It has been just three months since the Iowa Supreme Court issued its ruling allowing gay marriage in Iowa. While there were a number of polls taken on the issue before the Court issued its decision, TheIowaRepublican.com poll is the first statewide poll to ask the opinion of Iowans following the decision.
With the legislative session over and the media focus gone, TheIowaRepublican.com poll provides the first real glimpse of how the Court’s ruling will impact the 2010 campaigns in Iowa. TheIowaRepublican.com poll found that 67% of Iowans believe that voters should have the right to decide the issue. Only 27% of Iowans think that the decision was best left to the Iowa Supreme Court to decide.
Question: The Iowa Supreme Court has ruled gay marriages can legally be conducted in the state. Whether you agree or disagree with the decision, do you think Iowa voters should have the chance to vote on a traditional marriage amendment to the constitution or is the issue best decided by the Supreme Court?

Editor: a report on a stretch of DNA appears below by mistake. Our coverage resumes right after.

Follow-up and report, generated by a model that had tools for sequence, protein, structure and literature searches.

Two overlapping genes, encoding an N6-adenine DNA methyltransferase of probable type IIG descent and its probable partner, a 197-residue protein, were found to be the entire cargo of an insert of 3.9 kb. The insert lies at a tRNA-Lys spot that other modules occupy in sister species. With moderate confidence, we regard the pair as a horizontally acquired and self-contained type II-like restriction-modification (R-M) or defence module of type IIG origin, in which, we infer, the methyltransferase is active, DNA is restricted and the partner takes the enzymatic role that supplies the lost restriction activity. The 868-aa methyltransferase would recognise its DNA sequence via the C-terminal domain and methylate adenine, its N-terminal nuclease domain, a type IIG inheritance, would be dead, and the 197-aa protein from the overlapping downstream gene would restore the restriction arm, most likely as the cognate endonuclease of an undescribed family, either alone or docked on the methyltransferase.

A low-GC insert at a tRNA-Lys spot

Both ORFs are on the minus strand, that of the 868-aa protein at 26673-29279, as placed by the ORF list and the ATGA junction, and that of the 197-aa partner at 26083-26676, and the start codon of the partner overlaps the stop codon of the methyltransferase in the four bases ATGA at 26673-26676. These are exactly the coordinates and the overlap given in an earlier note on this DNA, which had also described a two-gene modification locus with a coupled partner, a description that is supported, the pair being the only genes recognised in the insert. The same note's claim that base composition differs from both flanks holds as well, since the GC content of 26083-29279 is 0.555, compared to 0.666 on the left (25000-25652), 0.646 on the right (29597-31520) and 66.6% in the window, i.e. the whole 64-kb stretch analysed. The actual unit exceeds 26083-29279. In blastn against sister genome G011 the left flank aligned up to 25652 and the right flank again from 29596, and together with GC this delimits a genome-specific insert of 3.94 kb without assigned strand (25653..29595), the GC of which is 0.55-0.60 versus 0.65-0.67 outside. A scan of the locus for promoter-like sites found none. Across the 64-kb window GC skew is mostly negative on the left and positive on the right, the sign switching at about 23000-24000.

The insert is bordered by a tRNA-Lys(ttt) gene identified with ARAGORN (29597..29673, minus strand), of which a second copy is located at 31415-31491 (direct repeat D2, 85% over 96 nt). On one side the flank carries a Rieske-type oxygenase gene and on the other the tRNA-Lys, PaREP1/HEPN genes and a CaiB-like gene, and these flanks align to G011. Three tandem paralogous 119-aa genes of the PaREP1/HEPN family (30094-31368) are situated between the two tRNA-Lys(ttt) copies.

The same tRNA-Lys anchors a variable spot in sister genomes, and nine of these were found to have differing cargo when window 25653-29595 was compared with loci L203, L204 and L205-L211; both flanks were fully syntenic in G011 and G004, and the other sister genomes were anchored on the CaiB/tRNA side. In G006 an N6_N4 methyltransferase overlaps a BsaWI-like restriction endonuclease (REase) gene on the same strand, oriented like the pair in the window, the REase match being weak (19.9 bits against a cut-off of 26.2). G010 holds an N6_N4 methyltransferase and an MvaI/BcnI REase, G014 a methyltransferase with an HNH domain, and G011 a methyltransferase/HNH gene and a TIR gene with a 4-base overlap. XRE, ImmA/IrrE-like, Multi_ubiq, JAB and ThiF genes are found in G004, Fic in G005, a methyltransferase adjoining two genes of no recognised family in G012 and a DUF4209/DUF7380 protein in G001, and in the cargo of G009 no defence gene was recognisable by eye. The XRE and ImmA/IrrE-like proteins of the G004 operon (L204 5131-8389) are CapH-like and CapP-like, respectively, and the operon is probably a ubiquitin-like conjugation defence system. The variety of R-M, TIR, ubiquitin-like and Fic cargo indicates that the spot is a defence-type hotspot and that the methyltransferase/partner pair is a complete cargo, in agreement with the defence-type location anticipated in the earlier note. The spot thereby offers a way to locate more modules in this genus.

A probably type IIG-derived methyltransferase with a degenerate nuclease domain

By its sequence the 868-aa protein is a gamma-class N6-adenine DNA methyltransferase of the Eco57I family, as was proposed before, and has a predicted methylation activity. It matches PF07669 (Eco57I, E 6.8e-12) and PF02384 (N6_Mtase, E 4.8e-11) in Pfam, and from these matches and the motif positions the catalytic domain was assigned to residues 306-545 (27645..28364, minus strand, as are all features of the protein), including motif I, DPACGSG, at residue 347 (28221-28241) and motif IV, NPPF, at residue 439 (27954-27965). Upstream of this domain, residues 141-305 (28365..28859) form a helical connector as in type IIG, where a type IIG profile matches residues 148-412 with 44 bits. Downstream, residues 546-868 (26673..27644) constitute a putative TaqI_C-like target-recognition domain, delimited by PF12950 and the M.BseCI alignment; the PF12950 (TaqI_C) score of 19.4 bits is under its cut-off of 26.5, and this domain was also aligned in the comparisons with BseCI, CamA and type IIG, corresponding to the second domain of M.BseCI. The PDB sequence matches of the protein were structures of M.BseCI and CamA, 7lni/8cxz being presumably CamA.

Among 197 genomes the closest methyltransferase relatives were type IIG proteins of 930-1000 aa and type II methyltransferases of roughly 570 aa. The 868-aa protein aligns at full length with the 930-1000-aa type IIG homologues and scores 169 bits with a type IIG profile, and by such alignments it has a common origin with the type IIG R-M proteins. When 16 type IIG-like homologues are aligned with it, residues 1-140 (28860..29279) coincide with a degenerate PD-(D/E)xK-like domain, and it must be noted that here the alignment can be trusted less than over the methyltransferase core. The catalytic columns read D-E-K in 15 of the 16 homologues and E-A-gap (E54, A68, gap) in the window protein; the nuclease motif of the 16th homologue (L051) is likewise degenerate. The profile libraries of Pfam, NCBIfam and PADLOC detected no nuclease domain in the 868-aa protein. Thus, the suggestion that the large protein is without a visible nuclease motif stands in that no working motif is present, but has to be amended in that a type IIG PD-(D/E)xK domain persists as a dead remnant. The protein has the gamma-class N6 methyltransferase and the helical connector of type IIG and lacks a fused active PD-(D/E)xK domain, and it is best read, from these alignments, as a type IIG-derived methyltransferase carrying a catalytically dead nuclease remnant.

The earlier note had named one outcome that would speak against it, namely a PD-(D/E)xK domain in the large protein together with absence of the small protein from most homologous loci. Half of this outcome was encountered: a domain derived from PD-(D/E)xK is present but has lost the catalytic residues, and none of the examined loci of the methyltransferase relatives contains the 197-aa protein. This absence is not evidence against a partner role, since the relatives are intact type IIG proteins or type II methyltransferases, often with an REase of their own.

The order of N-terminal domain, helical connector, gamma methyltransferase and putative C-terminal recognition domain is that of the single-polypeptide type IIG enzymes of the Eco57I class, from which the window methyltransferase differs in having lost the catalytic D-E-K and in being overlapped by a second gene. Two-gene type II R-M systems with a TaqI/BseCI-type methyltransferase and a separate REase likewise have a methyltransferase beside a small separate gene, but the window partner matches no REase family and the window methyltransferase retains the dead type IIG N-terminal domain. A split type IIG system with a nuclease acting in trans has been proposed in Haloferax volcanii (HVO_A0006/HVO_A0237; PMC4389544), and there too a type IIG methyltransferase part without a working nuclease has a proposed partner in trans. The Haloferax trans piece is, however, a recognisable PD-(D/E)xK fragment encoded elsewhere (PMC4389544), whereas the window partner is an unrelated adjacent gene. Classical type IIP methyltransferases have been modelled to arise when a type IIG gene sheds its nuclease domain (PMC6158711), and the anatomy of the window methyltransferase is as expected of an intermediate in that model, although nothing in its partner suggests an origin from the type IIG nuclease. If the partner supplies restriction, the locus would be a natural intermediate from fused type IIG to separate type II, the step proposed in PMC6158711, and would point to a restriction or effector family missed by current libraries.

Voters Should Decide: 67%
Supreme Court best to Decide: 27%
Don’t Know: 4%
Voters Should Decide: 87%
Supreme Court best to Decide: 11%
Don’t Know: 2%
Overwhelmingly, the people of Iowa want the opportunity to vote on a constitutional amendment. Some Republicans have indicated that using the gay marriage issue could be politically dangerous because many would see the party as being too exclusive. TheIowaRepublican.com poll shows that not to be the case at all. Almost 70% of Iowans want the opportunity to vote on a marriage amendment.